The concept of shared universes in superhero comic books was meant to enhance the experience of reading and enjoying comics — not to become shackles that holds everyone as a captive audience. There’s some speculation that events have become a publisher addiction. As more books (at higher prices) are considered must-buys, fans get frustrated and back away from purchasing these comics that they can no longer afford and aren’t enjoying. So to entice them back, publishers make more comics seem essential to understanding the latest universe event. The vicious cycle repeats, and eventually, publishers can’t survive on the low sales they get if they aren’t having back-to-back-to-back crossovers to force more sales. Thank goodness that there are still some series out there that don’t connect (or connect much) to the cosmic overmind. But how do we step backwards from where we’ve overstepped? How can we ever survive the life-altering, devastating effects of Event Fatigue without dying ourselves? Only the future will tell.
Waiting for the Decompression
With the popularity of graphic novels at an all-time high during the 80s renaissance, publishers helped to confuse the definition of the term itself by determining that collections of previously published individual comic books were also graphic novels, even if most of them weren’t conceived as such. Before long, it was automatically assumed that great comics stories (especially already self-contained miniseries) would automatically be reprinted in trade paperback collections (or trades, for short). The trade following the story arc then became contractual, before the creators even began creating. In short order, it was assumed that every issue of the most popular comic book ongoing series would be collected into trades.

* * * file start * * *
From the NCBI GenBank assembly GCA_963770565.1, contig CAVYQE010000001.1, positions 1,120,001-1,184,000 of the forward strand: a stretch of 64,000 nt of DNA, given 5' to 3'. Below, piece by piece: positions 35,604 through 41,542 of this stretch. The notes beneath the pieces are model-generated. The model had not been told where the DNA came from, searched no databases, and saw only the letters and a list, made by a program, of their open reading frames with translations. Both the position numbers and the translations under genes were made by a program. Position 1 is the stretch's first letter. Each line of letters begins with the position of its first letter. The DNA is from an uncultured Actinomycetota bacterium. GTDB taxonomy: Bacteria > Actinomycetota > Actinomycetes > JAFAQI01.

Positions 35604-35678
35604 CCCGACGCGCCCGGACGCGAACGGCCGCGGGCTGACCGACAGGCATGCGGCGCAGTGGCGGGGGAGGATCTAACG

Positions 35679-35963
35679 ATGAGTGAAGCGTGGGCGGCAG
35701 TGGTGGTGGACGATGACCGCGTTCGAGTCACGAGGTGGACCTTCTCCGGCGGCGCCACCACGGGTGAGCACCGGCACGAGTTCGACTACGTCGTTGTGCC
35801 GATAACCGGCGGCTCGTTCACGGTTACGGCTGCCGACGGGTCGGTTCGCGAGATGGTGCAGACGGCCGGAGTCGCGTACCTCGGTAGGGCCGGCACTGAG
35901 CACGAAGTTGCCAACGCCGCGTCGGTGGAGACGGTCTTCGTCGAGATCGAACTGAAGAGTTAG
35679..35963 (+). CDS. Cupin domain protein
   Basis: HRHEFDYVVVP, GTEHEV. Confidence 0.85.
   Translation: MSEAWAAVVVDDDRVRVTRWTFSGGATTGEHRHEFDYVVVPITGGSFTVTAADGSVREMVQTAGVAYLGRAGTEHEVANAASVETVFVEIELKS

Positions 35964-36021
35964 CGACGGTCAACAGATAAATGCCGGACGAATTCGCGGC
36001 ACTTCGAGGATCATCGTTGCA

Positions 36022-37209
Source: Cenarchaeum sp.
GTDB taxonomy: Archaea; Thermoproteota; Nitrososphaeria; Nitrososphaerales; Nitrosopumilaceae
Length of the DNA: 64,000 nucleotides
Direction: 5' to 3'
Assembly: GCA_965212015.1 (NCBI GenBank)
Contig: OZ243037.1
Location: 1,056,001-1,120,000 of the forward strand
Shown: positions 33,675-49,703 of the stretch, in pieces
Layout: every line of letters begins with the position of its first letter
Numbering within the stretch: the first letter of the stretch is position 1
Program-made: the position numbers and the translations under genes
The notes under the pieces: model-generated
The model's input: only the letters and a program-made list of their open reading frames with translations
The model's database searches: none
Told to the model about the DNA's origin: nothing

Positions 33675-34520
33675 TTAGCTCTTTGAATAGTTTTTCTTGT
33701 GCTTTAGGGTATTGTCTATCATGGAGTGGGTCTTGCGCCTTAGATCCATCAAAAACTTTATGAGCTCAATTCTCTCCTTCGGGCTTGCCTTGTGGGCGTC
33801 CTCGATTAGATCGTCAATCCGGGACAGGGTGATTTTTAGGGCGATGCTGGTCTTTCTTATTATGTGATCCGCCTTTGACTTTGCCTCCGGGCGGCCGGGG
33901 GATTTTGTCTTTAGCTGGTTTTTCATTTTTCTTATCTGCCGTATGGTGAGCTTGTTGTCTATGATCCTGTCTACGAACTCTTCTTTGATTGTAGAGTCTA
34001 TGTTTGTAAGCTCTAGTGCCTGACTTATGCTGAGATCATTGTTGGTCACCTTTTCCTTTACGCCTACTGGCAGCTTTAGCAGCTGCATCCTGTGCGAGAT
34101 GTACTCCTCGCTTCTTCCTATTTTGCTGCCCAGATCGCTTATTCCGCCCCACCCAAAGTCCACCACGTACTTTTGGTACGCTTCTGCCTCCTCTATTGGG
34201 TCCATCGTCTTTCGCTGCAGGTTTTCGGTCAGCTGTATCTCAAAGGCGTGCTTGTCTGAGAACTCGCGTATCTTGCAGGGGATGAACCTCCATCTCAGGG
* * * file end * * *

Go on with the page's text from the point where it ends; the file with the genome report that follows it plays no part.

I’m not sure exactly how this happened — whether it was publishers standardizing the size, page count, and ideal number of issues collected into the typical trade paperback, or whether a hivemind of creators (specifically writers) decided that the ideal collection was six issues — but suddenly, almost every story in superhero comics was six issues long, whether or not the story actually had six issues’ worth of plot and story. Fans began complaining about stories feeling padded, as writers focused on the more permanent book format to come instead of the monthly serialized issue (aka floppy or pamphlet, terms that traditional fans rejected as dismissive of their long-term reading habits). “Writing for the trade” also came to be known as Decompressed Storytelling. Some say this was inspired by film (leading to a related comics form, widescreen), while others think it was largely inspired by the more deliberately paced storytelling of manga, which emphasized emotional reactions over who-hit-whom next.
Proponents of the form felt that decompression allowed the artist more flexibility to tell the story over a larger number of pages and opened up the story for added characterization or mood building. Opponents said that the writers were being lazy, stretching stories out past their natural length, and making more money for less work. It’s a kind of mutant-form of the Never-Ending Story. I say that it’s a shame that we only get two stories a year in a monthly comic book.
Decompressed storytelling has led to two other developments in the modern age. The first is that comics have largely shifted away from the writer-driven comics of the 80s back to an artist-driven comics industry (and that decompressed storytelling is a natural outgrowth of artists wanting more space and options to express themselves, forcing writers who want to work with them into altering their formerly rigid scripting styles). It also doesn’t hurt that writers frequently become superstars themselves by attaching themselves to superstar artists.
The second is a more fan-based movement, which is currently driving publishers and retailers nuts. Since it’s assumed that all the great comics stories are going to be eventually republished in collected form, many fans are now bucking traditional collector mentality by “waiting for the trade”. Instead of buying the original “floppy” comic books and re-buying the trade collection later, as publishers hope to double dip into their market, customers wait for the “final” version, the collected edition, especially if it’s likely to have book-only extras (such as sketches, background material, or additional story pages).